Getting started. Why raise chickens? 0/3
Requirements (parts list) for raising chickens 0/4
Basic breed types and their characteristics 0/2
Purebred flock vs. assortment 0/1
Incubators and hatching chicks 0/3
When things go wrong and predators too! 0/5
Processing birds 0/4
Part 2 What’s involved? Food and Water
Parts List: Food and Water
Chickens will eat many things, from meat to vegetables. They’re great for disposing of table scraps. But if one has very many chickens it is doubtful that table scraps will be enough. If in doubt, it is almost always a good idea to purchase feed from a local feed store. But, even then, there are choices to make, as to what to purchase.
For laying hens many feed layer mash or crumbles. This is a scientifically blended feed, designed for hens in production. Generally, one can’t go wrong using one of these mixes.
Straight corn, either cracked or whole, is not good as a main feed. This is because it is very high calorie and lacks some nutrients necessary for poultry health. Corn is a good choice if one feeds it on a limited basis and supplements the birds’ diet, either with some form of greens or else through the ability to range and find food naturally. Feeding too much corn can cause obesity in your birds.
Other grains are often suitable for chicken feed, ie. oats, barley, wheat, sorghum etc. Cost is the main limiting factor in using most other grains.
It is very important that chickens have free access to water at all times. This water should be clean. Beware of fouled water. Dirty water can transmit both parasites and disease. It is our custom to dump and clean our waterers every other day, at least. We actually have a number of buckets and water pans from which all our animals drink. I check every receptacle at least once a day. Sometimes I have to fill water pans twice a day.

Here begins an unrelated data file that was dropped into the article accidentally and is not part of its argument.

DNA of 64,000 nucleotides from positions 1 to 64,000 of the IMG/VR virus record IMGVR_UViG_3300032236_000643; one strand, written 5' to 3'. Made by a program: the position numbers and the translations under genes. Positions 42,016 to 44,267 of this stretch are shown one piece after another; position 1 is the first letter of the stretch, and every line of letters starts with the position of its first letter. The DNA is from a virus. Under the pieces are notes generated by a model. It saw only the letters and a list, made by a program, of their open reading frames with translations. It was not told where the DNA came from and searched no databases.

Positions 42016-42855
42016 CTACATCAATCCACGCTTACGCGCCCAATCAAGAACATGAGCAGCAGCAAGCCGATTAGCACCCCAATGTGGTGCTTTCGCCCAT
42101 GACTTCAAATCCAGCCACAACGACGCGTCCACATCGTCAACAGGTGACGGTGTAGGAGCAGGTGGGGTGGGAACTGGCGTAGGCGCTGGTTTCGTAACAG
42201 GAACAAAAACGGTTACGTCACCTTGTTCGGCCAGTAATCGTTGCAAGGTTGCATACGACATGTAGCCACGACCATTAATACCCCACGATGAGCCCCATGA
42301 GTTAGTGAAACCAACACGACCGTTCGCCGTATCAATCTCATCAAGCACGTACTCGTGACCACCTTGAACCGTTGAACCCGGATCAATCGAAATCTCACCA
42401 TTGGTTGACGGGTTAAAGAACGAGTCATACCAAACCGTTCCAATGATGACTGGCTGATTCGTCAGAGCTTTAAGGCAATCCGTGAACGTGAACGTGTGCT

It is important that a water receptacle be safe. A five gallon bucket, half filled and left as an only source of water, can become a death trap, especially for young birds. Years ago I left such a bucket in a pen with half grown chickens. The next morning I pulled five or six drowned birds out of that bucket!
A word on “free range chickens”
Free range means that birds have the ability to get out and look for their own food. In its strictest sense a free range chicken is completely free and fed no supplemental feed. This is almost always a very bad idea. It is a rare farm environment which supplies anywhere near the amount of free range feed to support a flock of chickens. Perhaps, if one has other animals which spill feed, it might be possible to keep something like two or three chickens without purchasing supplemental feed. But it is highly unlikely that more would prosper in such an arrangement. I’ve seen some videos which talk about completely supporting chickens on compost. But if one observes carefully, they will see that part of that compost is … food scraps! They’re cheating!
The best practice for free ranging chickens is to choose an active breed of chicken and give them plenty of room to range, but also supply at least as much feed as they will eat in 15 minutes, twice a day.
The breeds we have raised are active foragers, and I sometimes sell chicks or breeding stock, advertising their great foraging abilities. But if someone tells me, up front, that they are not going to feed at all, I won’t sell to them.
The Kraienkoppe is a game type bird, also good for egg laying. We’ve eaten and enjoyed them too. They are outstanding foragers.